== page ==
© Reuters/Pat LittleFormer Penn State assistant football coach Jerry Sandusky (L) leaves the Centre County Courthouse with his wife Dottie Sandusky while the jury deliberates his child sex abuse trial in Bellefonte, Pennsylvania June 22, 2012.
Bellefonte, Pennsylvania - A jury on Friday found former Penn State assistant football coach Jerry Sandusky guilty on 45 of 48 counts in his child sex abuse trial after some 21 hours of deliberation.

Sandusky, who faces potentially hundreds of years in prison, was escorted immediately out of the courthouse in handcuffs and taken into an awaiting sheriff's cruiser.

A large crowd gathered outside the Centre County Courthouse in central Pennsylvania to learn news of the decision, and cheered loudly as the news was released.

Sandusky stood and faced the foreman as the verdict was read. Sandusky, wearing a brown sports court, tucked his hands into the pockets of his gray pants and appeared expressionless.

His wife, Dottie, sitting behind him, showed no emotion.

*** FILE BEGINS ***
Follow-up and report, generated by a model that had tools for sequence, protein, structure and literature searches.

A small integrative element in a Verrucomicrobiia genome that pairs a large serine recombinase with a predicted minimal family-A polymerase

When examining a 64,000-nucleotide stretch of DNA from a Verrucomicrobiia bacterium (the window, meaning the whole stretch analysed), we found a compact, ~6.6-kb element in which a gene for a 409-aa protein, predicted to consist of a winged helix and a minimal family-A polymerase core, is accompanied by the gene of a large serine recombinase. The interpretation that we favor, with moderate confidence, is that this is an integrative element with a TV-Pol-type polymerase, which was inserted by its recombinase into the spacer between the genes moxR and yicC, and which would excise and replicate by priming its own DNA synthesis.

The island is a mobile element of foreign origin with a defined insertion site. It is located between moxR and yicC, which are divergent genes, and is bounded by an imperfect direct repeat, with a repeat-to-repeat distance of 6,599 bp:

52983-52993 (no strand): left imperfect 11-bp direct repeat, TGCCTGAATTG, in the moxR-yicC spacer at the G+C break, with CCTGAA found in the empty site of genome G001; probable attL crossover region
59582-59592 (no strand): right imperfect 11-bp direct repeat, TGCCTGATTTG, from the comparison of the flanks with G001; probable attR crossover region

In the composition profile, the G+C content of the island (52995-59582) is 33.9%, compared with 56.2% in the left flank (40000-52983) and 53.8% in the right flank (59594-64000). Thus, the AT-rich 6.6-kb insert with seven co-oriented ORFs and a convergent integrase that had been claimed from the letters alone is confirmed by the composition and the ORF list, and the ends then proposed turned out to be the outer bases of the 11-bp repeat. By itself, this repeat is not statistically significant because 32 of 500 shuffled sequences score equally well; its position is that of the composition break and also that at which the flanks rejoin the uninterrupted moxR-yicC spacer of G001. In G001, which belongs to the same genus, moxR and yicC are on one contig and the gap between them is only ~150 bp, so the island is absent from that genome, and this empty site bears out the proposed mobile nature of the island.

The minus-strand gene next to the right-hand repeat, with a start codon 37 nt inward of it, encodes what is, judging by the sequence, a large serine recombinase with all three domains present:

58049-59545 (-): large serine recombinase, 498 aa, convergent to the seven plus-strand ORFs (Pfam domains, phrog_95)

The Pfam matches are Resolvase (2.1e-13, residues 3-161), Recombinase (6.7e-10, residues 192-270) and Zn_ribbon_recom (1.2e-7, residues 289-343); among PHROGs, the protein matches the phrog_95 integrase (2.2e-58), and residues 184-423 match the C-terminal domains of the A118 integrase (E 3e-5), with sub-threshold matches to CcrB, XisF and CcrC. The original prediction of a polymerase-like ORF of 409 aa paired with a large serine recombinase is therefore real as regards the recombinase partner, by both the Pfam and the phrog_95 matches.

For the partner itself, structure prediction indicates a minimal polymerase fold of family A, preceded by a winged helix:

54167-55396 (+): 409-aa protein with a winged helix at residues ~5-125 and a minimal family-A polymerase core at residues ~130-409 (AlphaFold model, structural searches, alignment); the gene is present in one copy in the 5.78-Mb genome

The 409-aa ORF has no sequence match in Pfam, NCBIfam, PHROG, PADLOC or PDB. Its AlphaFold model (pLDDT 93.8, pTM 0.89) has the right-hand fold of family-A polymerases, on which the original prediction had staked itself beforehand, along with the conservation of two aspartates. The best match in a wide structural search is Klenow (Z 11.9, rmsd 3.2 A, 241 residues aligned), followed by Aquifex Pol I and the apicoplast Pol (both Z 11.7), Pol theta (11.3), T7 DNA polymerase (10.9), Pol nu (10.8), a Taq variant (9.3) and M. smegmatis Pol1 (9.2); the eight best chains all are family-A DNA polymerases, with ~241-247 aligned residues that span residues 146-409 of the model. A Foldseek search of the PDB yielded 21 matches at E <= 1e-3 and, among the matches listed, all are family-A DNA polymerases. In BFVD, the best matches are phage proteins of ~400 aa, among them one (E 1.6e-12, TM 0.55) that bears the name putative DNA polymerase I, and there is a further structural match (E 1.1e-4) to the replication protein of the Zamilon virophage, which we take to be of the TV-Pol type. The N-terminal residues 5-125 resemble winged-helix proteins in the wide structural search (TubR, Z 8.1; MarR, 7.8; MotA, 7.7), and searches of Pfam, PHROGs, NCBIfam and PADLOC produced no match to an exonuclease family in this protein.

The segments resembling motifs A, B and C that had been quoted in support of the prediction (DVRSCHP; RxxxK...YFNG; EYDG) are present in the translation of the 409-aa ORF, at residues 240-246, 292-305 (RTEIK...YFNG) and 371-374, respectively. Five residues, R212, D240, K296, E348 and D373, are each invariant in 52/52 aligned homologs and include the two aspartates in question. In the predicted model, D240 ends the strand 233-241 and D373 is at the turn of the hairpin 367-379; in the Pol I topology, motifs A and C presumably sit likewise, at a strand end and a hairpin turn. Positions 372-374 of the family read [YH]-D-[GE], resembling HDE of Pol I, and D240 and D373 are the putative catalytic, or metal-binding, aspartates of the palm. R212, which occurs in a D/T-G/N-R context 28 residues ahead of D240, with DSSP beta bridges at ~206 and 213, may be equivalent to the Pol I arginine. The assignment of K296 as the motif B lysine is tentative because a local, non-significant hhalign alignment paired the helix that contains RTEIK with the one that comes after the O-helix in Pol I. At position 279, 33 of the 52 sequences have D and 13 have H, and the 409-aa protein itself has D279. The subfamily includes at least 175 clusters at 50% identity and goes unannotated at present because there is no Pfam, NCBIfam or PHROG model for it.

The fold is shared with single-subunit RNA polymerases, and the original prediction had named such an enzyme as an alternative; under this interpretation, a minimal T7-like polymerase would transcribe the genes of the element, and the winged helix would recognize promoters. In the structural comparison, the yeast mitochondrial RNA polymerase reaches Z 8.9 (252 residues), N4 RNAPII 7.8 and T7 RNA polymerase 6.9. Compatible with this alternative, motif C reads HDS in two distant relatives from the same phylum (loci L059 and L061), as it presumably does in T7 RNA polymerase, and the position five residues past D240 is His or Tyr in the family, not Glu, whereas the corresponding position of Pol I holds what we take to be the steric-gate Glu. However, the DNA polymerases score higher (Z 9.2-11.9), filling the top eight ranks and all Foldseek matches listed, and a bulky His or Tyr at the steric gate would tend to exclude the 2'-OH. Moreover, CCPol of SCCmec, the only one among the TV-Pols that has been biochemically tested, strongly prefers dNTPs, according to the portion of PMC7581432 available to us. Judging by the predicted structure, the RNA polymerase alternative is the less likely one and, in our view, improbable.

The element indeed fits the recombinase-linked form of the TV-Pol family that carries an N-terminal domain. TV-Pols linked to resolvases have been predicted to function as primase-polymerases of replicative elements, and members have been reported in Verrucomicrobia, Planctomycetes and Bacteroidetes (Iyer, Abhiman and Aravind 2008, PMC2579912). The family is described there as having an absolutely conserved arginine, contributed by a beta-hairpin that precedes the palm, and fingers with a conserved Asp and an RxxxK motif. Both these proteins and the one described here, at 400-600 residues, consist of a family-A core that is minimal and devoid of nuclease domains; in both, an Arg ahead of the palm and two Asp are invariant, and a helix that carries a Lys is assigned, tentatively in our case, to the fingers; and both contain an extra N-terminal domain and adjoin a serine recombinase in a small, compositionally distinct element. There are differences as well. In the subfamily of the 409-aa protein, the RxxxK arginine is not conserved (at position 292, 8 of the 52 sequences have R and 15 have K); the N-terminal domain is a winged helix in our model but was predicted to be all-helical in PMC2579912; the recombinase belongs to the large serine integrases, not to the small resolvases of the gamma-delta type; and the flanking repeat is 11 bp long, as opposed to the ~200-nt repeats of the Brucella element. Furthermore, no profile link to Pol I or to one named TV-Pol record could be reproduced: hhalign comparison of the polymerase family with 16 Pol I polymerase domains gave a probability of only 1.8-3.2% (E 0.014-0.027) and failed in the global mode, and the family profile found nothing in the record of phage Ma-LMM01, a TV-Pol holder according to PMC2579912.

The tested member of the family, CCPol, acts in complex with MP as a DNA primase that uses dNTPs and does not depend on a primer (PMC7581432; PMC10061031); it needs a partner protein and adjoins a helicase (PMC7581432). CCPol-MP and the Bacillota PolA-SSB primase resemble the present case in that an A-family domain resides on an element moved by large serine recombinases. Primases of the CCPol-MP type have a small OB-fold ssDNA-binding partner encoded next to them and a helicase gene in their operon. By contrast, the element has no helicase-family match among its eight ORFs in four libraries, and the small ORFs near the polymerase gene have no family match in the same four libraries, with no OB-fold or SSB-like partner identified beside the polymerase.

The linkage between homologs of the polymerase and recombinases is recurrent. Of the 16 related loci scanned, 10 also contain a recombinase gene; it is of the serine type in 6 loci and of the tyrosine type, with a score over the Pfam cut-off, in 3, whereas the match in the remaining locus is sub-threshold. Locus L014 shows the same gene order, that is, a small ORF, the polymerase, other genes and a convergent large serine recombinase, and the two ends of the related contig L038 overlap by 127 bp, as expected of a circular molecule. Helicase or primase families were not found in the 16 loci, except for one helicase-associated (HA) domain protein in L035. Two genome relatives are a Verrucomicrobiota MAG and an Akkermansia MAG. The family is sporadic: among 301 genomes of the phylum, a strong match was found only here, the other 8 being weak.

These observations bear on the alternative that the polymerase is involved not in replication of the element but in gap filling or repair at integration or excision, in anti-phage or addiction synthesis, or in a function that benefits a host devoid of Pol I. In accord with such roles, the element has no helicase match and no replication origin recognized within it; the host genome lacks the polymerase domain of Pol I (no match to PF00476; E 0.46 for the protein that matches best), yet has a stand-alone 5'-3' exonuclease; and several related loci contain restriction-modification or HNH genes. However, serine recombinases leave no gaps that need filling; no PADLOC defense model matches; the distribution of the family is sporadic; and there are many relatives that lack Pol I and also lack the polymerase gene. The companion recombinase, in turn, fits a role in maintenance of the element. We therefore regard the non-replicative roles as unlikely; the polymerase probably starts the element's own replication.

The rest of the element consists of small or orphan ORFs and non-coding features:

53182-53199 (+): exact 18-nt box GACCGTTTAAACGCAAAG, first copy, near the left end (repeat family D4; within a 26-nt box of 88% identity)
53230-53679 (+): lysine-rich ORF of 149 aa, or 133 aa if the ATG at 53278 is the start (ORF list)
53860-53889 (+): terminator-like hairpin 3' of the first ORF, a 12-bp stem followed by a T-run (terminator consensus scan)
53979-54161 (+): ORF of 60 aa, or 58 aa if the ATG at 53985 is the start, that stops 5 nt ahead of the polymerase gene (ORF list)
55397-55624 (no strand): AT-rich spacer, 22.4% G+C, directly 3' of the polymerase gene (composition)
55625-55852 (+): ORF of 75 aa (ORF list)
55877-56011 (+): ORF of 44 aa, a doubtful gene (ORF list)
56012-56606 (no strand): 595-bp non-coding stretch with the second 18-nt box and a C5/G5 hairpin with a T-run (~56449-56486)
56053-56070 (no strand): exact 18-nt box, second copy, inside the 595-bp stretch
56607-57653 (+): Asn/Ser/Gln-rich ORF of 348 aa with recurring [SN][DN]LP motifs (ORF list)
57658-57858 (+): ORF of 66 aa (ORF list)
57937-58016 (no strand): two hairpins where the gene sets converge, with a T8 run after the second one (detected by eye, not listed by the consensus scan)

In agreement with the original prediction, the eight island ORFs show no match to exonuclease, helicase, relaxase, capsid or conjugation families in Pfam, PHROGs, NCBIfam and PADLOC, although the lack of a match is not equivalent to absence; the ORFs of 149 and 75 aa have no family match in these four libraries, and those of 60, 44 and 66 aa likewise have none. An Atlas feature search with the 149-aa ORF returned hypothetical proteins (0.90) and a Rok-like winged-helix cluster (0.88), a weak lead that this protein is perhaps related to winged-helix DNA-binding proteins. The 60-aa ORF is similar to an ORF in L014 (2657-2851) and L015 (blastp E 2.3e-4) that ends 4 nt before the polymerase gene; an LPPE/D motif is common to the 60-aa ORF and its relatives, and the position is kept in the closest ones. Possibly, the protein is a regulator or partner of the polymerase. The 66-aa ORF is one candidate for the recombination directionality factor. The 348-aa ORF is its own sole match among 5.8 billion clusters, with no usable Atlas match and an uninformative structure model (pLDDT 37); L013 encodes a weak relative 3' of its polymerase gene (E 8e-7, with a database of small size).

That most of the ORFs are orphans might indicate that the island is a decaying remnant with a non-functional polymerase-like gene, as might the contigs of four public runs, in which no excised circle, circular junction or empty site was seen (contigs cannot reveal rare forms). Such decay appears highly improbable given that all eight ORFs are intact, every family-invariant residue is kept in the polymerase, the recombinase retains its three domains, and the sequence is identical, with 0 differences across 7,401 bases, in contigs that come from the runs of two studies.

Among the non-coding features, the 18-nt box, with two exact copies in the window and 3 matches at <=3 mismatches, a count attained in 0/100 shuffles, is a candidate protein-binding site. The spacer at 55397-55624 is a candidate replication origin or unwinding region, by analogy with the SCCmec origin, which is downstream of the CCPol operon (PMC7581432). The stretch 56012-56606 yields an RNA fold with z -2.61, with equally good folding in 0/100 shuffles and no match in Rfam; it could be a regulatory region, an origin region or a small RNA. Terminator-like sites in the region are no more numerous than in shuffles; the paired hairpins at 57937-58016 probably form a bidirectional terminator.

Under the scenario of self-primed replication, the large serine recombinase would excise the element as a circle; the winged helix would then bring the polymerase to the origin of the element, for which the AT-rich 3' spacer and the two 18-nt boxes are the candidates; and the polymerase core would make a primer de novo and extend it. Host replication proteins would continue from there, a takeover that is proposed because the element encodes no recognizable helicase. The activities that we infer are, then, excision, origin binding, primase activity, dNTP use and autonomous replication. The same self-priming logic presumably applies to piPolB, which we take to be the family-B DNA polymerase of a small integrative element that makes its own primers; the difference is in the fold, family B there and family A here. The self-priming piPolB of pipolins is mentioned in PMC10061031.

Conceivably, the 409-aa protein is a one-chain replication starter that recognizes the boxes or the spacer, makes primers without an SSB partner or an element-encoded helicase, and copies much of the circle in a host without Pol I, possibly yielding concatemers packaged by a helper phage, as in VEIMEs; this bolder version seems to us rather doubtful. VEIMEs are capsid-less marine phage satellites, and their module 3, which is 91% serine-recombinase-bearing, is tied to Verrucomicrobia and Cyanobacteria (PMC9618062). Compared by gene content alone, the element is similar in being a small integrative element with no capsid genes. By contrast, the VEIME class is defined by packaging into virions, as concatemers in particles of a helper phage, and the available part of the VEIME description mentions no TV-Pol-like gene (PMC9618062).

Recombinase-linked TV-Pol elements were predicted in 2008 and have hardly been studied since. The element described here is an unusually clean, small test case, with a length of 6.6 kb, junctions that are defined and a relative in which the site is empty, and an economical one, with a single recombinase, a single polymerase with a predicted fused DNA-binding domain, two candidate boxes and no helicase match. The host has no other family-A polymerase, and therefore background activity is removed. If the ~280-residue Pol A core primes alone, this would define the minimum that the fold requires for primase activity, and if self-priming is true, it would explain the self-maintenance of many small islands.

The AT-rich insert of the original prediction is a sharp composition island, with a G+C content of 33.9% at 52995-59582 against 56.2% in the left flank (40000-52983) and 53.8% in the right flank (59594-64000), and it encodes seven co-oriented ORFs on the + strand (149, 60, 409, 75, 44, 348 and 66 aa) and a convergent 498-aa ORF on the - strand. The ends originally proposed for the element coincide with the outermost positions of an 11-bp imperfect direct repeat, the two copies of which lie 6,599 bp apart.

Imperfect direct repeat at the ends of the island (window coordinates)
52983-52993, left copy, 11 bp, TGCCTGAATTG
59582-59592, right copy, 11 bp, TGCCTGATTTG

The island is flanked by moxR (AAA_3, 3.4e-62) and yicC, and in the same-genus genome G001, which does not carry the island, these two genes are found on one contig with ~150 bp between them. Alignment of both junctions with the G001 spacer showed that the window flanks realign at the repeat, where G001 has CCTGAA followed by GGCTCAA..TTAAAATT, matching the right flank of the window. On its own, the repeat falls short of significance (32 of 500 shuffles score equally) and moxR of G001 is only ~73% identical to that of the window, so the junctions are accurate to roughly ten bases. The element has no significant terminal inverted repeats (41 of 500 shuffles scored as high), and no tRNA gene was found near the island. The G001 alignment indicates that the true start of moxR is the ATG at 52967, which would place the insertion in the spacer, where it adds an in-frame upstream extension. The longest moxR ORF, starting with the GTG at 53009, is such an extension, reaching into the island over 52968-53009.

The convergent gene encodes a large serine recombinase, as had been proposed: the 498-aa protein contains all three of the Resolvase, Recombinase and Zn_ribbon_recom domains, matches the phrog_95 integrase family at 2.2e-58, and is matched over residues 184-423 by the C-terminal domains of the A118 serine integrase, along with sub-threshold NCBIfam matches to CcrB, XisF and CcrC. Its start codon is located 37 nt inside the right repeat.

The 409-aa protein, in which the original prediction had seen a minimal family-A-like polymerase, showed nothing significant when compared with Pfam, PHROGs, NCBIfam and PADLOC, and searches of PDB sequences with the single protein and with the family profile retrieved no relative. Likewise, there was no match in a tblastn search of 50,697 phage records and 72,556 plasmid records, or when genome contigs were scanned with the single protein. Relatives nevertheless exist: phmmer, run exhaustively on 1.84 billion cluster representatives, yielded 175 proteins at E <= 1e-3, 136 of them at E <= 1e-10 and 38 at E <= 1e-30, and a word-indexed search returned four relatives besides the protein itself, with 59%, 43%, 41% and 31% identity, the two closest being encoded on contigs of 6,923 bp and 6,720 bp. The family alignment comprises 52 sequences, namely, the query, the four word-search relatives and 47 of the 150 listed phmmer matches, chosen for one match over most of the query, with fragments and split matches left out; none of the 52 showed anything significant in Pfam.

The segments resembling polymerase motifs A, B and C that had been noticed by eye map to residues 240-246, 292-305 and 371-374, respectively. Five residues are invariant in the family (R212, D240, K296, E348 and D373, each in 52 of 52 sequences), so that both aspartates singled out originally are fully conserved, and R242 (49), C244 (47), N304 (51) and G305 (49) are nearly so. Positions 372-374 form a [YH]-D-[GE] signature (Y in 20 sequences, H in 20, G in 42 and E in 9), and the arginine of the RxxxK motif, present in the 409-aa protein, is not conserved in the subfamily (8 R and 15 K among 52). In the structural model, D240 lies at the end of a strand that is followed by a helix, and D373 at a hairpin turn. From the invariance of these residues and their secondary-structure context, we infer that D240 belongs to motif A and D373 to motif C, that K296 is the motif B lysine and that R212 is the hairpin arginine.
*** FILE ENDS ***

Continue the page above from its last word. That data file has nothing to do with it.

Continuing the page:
"They're devastated," defense attorney Joe Amendola said of Sandusky's relatives, "but they've been devastated ever since these charges came to light."

Amendola said he was examining the grounds for an appeal.

The decision came after deliberation over two days by a jury of seven women and five men. Nine of the 16 jurors and alternates had ties to Pennsylvania State University, and the final days of the trial drew large crowds to the courthouse.

The white-haired former coach faced 48 counts of sexual abuse of 10 boys over a 15-year period, sometimes at Penn State facilities.

The charges against Sandusky rocked Penn State and U.S. college football and renewed national attention on the issue of child sex abuse.

As the Sandusky shockwaves spread, sex abuse hotlines and lawyers saw an surge in calls and emails.

To defend himself against the media onslaught, Sandusky gave an interview to NBC in November that was a public relations disaster. He only haltingly denied he was sexually attracted to young boys and admitted to horseplay and showering with them.

Amendola said Sandusky was ruined by overzealous prosecutors and lies by accusers hoping for a big payday from civil lawsuits.

He did not put Sandusky on the stand and had more than a dozen people testify as character witnesses for the former coach, including his wife, who said she never noticed any inappropriate behavior in their home, where several of the accusers said they were abused in the basement.